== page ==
Good Cop/Bad Cop

Gwendolyn Ingolfsson said:
Hmmm. . .so Tom B, would you have Alexei Kosygin be the "Good Cop" to Malenkov's "Bad" or vice-versa? They both seem to have wanted economic reform in varying degrees, and I think either one of them had it in them to roll the tanks on dissidents if it became necessary. I could have Kosygin be Communist Party General Secretary while Malenkov remains as Premier. Rather than having Vlasov take over outright, I'll just have him (and to a lesser extent, Beria) be the destabilizing factor which shuffles the Soviet leadership cards in the immediate aftermath of Stalin's death, forcing Malenkov and Kosygin to take decisive action to secure their leadership positions. This places the reform group firmly in power. Note, however, that there will be *no* Secret Speech denouncing Stalin at the Twentieth Party Congress in 1956 - they may think it too risky in terms of undermining the Party's legitimacy and hence it's control. Instead they will just let the cult of Stalin wither and die over the natural course of time, to be replaced with an elevated adoration of the Party as a whole. Some numbers of GULAG inmates will be freed as well, especially Red Army soldiers who had had the misfortune to be captured by the Germans in World War II (in Stalin's eyes, being captured by the enemy was tantamount to treason).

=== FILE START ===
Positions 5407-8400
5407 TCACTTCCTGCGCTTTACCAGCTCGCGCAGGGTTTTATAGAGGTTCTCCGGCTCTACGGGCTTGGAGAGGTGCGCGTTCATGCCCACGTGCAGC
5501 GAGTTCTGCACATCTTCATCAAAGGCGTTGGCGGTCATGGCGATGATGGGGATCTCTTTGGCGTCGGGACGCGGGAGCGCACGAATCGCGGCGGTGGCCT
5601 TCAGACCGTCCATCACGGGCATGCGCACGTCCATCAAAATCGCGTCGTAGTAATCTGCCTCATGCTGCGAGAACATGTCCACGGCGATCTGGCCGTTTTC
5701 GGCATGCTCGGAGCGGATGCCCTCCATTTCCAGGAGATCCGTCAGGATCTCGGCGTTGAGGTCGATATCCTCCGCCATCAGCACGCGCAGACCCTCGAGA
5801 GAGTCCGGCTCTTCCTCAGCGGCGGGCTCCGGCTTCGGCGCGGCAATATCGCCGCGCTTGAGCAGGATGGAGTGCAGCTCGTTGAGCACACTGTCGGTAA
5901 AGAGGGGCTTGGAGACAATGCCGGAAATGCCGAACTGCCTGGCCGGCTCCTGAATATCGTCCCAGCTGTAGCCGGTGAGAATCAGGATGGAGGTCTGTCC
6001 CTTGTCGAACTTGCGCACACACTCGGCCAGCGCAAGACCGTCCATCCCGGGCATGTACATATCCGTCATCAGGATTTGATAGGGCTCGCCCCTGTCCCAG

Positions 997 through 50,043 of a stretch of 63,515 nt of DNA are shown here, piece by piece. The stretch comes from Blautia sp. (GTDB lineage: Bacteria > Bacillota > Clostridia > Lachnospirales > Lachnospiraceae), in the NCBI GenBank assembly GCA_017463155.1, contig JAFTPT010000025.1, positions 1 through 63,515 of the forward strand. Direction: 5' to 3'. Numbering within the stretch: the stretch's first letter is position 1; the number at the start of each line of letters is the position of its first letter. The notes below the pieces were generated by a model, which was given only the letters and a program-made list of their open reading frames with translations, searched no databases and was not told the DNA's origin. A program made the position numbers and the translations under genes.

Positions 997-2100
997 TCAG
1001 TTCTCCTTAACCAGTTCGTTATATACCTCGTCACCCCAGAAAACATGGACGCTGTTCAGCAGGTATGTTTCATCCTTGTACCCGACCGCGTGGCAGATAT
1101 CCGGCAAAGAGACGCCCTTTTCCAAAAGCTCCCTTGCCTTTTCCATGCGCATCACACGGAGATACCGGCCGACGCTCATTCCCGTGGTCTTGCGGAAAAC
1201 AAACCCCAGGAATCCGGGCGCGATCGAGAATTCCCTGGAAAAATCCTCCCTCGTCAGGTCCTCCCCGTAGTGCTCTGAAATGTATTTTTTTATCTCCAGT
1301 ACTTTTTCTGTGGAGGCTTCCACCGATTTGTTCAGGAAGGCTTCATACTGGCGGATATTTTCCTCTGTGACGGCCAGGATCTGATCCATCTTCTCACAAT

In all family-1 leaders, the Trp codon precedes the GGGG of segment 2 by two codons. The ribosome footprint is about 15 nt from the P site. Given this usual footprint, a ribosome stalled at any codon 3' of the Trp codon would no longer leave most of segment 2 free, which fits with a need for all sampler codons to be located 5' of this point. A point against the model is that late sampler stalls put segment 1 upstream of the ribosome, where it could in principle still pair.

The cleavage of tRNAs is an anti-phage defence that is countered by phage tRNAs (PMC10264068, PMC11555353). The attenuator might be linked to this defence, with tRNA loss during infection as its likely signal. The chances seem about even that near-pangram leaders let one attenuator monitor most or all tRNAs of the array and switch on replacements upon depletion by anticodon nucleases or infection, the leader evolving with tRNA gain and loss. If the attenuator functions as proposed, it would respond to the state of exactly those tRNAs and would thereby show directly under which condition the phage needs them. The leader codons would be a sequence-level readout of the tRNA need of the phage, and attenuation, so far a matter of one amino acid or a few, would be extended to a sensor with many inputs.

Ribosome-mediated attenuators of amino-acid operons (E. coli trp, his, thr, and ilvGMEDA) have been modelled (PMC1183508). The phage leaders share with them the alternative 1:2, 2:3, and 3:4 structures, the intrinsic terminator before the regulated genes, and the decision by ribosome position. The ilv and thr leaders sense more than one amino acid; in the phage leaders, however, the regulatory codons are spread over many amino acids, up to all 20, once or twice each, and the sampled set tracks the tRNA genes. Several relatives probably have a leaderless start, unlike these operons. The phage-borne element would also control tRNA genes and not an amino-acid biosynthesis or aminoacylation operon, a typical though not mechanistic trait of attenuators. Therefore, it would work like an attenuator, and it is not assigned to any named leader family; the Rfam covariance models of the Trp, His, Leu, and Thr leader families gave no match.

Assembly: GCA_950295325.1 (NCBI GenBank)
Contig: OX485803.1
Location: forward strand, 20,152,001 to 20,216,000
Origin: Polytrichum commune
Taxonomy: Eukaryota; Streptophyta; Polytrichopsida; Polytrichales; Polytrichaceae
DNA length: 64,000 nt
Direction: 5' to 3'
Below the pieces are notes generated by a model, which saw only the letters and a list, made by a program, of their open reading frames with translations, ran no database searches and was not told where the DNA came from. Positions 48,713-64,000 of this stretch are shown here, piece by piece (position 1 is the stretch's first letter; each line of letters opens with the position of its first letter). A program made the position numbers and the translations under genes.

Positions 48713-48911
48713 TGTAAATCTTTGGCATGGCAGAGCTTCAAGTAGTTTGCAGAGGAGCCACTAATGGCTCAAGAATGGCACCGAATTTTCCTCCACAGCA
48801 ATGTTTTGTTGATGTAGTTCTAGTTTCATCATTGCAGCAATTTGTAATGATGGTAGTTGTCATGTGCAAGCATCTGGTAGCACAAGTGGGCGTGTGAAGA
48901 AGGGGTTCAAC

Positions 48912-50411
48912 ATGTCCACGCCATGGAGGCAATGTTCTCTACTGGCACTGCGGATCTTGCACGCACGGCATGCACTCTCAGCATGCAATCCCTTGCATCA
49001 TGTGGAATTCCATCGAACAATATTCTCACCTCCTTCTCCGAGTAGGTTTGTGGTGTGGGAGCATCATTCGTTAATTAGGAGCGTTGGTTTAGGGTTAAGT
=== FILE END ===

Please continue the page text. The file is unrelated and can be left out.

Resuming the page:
In part the Good Cop/Bad Cop ploy is a subtle form of disinformation. The Western press runs stories periodically about an imagined split between the two that doesn't really exist. I think Kosygin as Good Cop and Malenkov as Bad works better. The real differenes in policies between the two men is fairly small and they work those things out in private. Kosygin is not as impetuous as Khruschev and would be more incrementalist. The K+M regime is not as bloodthirsty and paranoid as it was under Stalin but it is thoroughly authoritarian.

This is one of the more interesting ideas I've seen here of late. I encourage you to pursue it further.

Tom